No, not that Cinderella story. If you’re here for an insightful analysis of the teen flick starring Hilary Duff and Chad Michael Murray, you’re most welcome, but you’re likely to be disappointed. However, if you can forgive the lack of teen angst, read on.
Today’s fairy tale comes to us from a 1911 newspaper blurb. Our heroine is nineteen-year-old Margaret Ingersoll, a resident of Marietta, Georgia, a suburb of Atlanta. She may not have been a servant in her own home, but as a cashier, she wasn’t a princess either. Still, her grasp of personal hygiene was solid enough to avoid the sobriquet Cindersoll.
Once upon a time, on a hot and humid June evening, every head in Marietta’s local restaurant swerved to look as two strangers walked through the door. Conversation stopped as a pair of pertinacious and presumably sweaty detectives asked if anyone knew a Margaret Ingersoll.
The gossips immediately set to work speculating on what she could have done to bring this kind of attention to herself. Petty theft? Public intoxication? Maybe even. . . prostitution? After what happened with her father, well, they always knew she would come to no good. Finally, someone pointed to the young woman behind the counter.
Rather than presenting her with a glass slipper to verify her identity, the detectives took Margaret at her word when she introduced herself. Much to the disappointment of the curious crowd, instead of producing a warrant for her arrest, they told her they had some good news and some bad news. Which did she want first?
Margaret braced herself for the bad news. After taking deep breaths, the detectives regretted to inform her that her father had passed away. History doesn’t tell us much about the elder Ingersoll, only that he left his family to make his fortune out west. As we have to draw our own conclusions, I’m keeping with the fairy tale theme and assuming there was an evil stepmother involved.
Regardless, after Margaret finished sobbing, fainting, cheering or whatever reaction was appropriate under the circumstances, the detectives were less regretful to inform her that before he died, her father had appointed prominent New Yorker Joseph Hodges Choate as executor of his will.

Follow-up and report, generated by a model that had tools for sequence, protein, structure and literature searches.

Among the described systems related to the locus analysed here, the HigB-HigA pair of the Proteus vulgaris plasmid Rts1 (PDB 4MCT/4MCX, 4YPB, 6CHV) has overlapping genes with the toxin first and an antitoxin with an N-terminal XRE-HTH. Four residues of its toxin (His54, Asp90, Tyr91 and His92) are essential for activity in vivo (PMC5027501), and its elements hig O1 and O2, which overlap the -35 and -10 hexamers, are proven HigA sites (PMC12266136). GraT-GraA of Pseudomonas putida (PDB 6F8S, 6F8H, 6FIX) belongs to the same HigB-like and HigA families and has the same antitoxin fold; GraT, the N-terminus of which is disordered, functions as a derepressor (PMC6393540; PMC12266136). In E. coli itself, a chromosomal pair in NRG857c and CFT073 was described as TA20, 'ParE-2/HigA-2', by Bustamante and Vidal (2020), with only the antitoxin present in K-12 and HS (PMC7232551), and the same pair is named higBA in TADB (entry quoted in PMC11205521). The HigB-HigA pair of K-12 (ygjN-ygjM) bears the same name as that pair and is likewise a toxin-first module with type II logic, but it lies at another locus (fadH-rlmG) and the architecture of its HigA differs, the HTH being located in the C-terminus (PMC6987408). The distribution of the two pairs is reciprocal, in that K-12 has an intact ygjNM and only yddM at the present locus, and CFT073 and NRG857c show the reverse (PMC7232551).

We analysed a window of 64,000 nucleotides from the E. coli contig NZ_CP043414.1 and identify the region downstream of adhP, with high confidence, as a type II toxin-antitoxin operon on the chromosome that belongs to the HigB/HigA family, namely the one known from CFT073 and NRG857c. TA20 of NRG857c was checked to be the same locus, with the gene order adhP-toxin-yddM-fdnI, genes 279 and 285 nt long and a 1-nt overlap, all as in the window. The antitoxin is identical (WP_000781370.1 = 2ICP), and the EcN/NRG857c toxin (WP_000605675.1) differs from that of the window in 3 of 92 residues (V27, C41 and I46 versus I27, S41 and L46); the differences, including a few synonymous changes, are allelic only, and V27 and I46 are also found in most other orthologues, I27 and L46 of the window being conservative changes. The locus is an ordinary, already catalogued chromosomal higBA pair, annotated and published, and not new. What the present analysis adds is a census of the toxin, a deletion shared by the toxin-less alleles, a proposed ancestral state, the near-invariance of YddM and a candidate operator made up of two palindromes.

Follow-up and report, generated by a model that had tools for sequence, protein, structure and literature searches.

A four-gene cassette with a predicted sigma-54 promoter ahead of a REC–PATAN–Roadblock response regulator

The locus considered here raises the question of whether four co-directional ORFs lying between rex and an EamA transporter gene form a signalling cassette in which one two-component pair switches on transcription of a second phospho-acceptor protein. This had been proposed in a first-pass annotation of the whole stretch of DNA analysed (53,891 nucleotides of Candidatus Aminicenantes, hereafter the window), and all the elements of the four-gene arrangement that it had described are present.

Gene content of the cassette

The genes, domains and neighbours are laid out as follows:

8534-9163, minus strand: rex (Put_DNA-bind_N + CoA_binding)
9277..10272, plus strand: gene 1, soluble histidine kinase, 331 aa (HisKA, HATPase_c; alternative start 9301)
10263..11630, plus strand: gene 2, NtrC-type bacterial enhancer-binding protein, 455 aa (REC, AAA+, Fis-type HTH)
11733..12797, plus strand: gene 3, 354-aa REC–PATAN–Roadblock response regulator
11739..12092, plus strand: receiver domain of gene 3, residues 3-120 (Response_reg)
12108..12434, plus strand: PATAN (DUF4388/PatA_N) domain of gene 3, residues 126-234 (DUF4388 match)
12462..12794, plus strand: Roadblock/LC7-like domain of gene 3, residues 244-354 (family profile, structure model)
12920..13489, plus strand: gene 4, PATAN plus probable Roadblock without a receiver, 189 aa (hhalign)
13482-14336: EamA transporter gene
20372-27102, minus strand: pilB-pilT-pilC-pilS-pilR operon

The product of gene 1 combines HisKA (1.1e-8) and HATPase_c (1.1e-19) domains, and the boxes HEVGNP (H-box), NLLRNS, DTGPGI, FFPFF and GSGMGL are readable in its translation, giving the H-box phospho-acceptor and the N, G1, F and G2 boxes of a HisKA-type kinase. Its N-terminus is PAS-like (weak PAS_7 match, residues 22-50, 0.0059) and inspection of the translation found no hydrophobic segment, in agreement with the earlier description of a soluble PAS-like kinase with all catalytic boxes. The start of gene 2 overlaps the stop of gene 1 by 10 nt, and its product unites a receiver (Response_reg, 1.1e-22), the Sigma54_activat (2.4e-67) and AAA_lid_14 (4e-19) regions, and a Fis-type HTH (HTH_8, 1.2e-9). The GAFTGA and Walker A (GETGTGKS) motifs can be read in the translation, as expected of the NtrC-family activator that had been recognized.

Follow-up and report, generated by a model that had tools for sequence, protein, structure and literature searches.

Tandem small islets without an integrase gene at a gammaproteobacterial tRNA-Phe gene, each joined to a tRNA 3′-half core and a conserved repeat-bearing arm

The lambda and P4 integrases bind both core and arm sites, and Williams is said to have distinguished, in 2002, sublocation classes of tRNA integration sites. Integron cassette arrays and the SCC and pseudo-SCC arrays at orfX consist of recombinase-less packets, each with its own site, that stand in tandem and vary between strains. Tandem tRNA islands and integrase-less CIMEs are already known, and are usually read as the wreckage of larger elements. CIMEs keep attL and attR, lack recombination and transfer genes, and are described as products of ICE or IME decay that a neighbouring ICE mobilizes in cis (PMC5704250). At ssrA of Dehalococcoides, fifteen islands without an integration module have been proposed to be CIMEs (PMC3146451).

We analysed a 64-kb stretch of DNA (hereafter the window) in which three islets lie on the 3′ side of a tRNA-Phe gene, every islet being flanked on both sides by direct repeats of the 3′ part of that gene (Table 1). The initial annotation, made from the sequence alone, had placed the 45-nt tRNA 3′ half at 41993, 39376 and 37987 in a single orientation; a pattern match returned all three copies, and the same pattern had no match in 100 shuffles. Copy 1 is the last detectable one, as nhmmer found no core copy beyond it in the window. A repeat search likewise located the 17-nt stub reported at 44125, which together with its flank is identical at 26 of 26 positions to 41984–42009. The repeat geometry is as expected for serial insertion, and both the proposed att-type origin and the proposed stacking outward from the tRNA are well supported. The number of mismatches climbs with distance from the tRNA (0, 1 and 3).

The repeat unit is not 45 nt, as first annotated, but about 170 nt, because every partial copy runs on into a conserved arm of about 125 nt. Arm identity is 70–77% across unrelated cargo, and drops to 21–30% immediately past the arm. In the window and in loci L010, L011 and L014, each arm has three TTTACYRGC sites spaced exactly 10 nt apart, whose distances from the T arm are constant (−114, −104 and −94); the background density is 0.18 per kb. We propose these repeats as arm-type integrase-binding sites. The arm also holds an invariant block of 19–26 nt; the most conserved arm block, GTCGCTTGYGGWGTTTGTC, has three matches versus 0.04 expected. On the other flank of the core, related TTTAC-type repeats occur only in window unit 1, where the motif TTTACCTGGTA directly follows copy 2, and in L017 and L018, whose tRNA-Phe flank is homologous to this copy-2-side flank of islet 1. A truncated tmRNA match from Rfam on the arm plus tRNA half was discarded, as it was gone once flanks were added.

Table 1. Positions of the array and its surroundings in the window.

“That’s nice,” she said, “but how is that good news?” Margaret might have been more enthusiastic if she had been able to pull up his fascinating biography. We’ll get back to him another time.
“We’re getting to that,” the detectives assured her. For the past two years, this fairy godfather had scoured the nation looking for her. Whatever her father’s reasons for leaving Margaret behind, he hadn’t forgotten about her at the end and had willed her the fortune he made out west. This is a fairy tale, after all. Margaret’s prince was not a person but an inheritance of anywhere between $500,000 to $1 million, depending on the source. For the financially minded, that’s between $12 million and $26 million in today’s dollars.
Unfortunately, the detectives could not explain how he made his fortune, lost track of his family or became acquainted with a famous New York lawyer while out west striking it rich. None of these lingering questions bothered Margaret.
Throwing off her apron, she said something along the lines of, “See ya, suckers,” and skipped out of the restaurant with a detective on either arm. The last we hear of her, she was being whisked north to New York to claim her fortune, doubtless before it turned into a pumpkin. And she lived happily ever after. The end.
I don’t know about you, but I think Cindersoll’s story has the makings of a future Disney movie. . . or at least a comeback vehicle for Hilary Duff.
Disclaimer: The modern era is far from the first to grapple with rampant “fake news.” As I am neither a historian nor journalist, I make no claims about the accuracy or lack thereof of the above historical articles. I assert only that they make for a good story.
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